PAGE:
storytelling, story, telling

Books and Emotions

As a practitioner working in the field of special education, I use a lot of books during therapy. These can be in the form of traditional books or social stories. I use them to introduce a new concepts like potty training, or functional communication training. I also use these to reiterate the concepts we learn. Children with autism or other behavioural problems may love to look at books as a non-verbal form of gaining knowledge and an insight into the outside world. A physical outing may be overwhelming for them and so they love their stories to learn more. 

Books also serve another purpose for our kids- they help organize their thoughts. Books help give structure to abstract concepts like feelings, social skills and also the words required to deal with social situations. 

Here are a few books my kids love and have gained a lot from. This list can be really long and so I have picked out three top favorites. If you would like to know about books related to other topics in the field, do write to me in the comments section.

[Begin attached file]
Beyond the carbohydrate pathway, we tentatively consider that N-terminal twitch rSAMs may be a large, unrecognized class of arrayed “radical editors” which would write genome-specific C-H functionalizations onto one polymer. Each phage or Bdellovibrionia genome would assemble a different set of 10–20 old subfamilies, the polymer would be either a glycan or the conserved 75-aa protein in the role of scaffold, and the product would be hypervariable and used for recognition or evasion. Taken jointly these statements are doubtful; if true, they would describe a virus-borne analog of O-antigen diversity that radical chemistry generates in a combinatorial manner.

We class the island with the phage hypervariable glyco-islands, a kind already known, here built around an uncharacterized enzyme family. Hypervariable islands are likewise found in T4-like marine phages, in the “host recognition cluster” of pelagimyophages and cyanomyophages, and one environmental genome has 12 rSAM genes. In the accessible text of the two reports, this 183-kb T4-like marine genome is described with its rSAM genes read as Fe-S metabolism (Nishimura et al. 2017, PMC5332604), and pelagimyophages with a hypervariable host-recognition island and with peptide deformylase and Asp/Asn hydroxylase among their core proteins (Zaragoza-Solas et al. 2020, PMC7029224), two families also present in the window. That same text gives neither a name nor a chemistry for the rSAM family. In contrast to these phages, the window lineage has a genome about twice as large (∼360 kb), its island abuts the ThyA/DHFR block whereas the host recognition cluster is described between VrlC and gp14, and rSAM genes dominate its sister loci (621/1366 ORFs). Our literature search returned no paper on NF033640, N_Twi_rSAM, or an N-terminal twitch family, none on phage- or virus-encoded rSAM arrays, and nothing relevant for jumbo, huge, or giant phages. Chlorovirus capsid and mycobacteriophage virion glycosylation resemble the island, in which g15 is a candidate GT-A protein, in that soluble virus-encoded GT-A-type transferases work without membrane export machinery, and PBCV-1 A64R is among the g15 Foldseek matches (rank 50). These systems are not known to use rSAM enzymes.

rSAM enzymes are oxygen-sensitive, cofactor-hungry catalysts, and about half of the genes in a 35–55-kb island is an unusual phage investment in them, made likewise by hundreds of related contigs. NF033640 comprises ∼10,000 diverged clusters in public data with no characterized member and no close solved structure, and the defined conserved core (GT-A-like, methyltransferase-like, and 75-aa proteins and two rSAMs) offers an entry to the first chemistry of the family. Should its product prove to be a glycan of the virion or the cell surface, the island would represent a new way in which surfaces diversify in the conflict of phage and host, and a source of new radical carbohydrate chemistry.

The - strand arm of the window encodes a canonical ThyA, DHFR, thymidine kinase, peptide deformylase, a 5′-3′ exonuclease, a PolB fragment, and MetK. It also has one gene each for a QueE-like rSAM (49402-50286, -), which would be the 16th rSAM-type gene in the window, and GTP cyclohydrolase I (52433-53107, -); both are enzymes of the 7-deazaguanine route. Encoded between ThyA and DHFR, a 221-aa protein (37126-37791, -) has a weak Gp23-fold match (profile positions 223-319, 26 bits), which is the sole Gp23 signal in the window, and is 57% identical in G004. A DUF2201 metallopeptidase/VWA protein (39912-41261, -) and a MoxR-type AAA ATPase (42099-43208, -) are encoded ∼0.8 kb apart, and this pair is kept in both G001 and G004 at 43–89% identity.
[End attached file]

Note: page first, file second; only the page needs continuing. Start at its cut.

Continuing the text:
1. I just don’t like the sound of No!- by Julia Cook – Just like us, children do not like when they are told ‘No’ for something. Can I eat ice cream?- No. Can I watch TV?- No. We as parents expect them to accept our ‘No’ and move on. But for these little ones, it is so hard to understand why and how to do so. They need some motivation and reinforcement. This is a beautiful book that shows children that it is okay if a parent or a teacher says ‘No’. Not just that, it actually tells them how to feel and act. Organizing thoughts is difficult for any child especially if they are feeling big emotions like anger- this book gives them the words to use. 
  2. How do dinosaurs say- I’m mad?- The Blue Sky Press – This is one more beautiful book. This book gives us a lot of scenarios where the dinosaur is really angry. Then it tells us how they calm themselves down by counting numbers, taking deep breaths and other calming strategies, followed by an apology and a hug. It is the sweetest book and the kids love it. Is there any other better way of teaching children about dealing with their emotions? 
  3. My mouth is like a volcano – Julia Cook – Another gem by Julia Cook. Talking out of turn is something we all work on in schools, therapy or even at home. Waiting for our turn can be a very difficult skill for a lot of our kids. This book is an excellent supplement to our social skills lessons to teach them how to help their volcanoes before eruption. These are everyday skills that need to be taught to improve their experiences in inclusive settings. 

Happy reading!